Scientists have turned to mould in search of biomaterials that could fuel our lithium-ion batteries, and this one has delivered.
Nicola McCaskill

18 Mar 2016 - 11:04 AM  UPDATED 18 Mar 2016 - 11:04 AM

Mouldy bread might be pretty low on your list of favourite things, but a fungus growing on last week’s loaf could be the key to a better recharge.

Researchers have found that a type of bread mould can be used to produce more sustainable lithium-ion batteries. The findings are published today in Current Biology.

Lithium-ion batteries are popular in consumer electronics, such as your laptop or smartphone. They’re efficient and rechargeable, but don’t live very long; hence researchers have been looking for ways to improve li-ion energy density, cycle durability, and charge time.

Amongst attempts to improve the common battery are experiments using different electrodes and other sources of manganese oxides – but this study is the first to use fungi.

Lead author Professor Geoffrey Gadd from the University of Dundee in Scotland, says using a fungus to produce the metal oxides needed for more efficient lithium-ion batteries “appears to be very simple”.

“These bio-materials could provide alternatives to those currently used in electrochemical devices,” he suggests.

Mould shows potential

The researchers found that the fungus Neurospora crassa, a common red bread mould, can produce electrochemically-active materials from manganese through a common biological process called biomineralisation – essentially the same process the human body uses to create bones.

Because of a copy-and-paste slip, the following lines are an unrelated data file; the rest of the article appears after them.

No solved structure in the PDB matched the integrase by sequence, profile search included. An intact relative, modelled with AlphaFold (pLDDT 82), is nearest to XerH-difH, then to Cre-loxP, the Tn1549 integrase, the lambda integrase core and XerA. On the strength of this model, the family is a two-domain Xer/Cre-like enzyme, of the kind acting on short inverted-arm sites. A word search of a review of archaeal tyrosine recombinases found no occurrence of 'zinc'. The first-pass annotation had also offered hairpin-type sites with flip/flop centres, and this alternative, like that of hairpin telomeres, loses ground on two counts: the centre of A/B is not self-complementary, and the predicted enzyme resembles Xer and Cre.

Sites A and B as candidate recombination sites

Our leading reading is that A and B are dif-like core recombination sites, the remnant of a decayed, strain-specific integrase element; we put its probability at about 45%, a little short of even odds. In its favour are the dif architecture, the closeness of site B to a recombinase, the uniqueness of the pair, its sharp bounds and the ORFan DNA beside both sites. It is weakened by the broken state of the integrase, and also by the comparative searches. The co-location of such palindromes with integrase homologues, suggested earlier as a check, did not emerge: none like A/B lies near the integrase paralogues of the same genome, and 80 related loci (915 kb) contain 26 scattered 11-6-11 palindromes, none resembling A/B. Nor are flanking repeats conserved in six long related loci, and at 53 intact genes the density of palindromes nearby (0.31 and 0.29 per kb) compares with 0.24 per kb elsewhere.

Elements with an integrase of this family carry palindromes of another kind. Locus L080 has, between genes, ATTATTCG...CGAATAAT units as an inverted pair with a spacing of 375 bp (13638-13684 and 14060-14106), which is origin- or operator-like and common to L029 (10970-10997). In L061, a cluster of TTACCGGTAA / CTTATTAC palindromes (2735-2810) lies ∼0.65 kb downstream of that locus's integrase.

Through fungal biomineralisation, the researchers acquired a material that was part biomass, part manganese oxides. As battery fuel, this mould-produced material performed surprisingly well. Compared with other lithium-ion batteries containing manganese oxide, they “showed an excellent cycling stability, and 90% capacity was retained after 200 cycles,” says Gadd.

“This is the first demonstration of the synthesis of active electrode materials using a fungal biomineralisation process,” Gadd explains.

“It illustrates the great potential of fungal biomineralisation as a source of useful biomaterials.”

The team has previously studied other attributes of mould – in earlier studies, the researchers demonstrated that fungi were able to stabilise toxic lead and uranium. This led them to look for other helpful uses for fungi.

Crazy ideas

Professor Thomas Nann, Director of the MacDiarmid Institute for Advanced Materials and Nanotechnology, says the study “is not only an example of rigorous and in-depth research, but also shows inspiring out-of-the-box thinking.” 

“Many paradigm-shifting discoveries started as ‘crazy’ ideas, and we clearly need more of them!” he adds.

Professor Gadd is continuing to look at ways to improve the mouldy battery, and is also interested in other organisms that could produce or recover metal elements.

“Fungi, as well as other microorganisms, play highly significant roles in metal and mineral biotransformations in the environment,” he says.

If we can harness these transformations to power our digital tech, a piece of mouldy bread will be nothing to sniff at.

Read these too
How the great phosphorus shortage could leave us all hungry
Without phosphorus, there is no life - so how do we make sure we don't run out?
Why the future of solar roads may not be so bright
Solar roadways need a complete technological rethink to be effective, writes photovoltaics researcher Andrew Thomson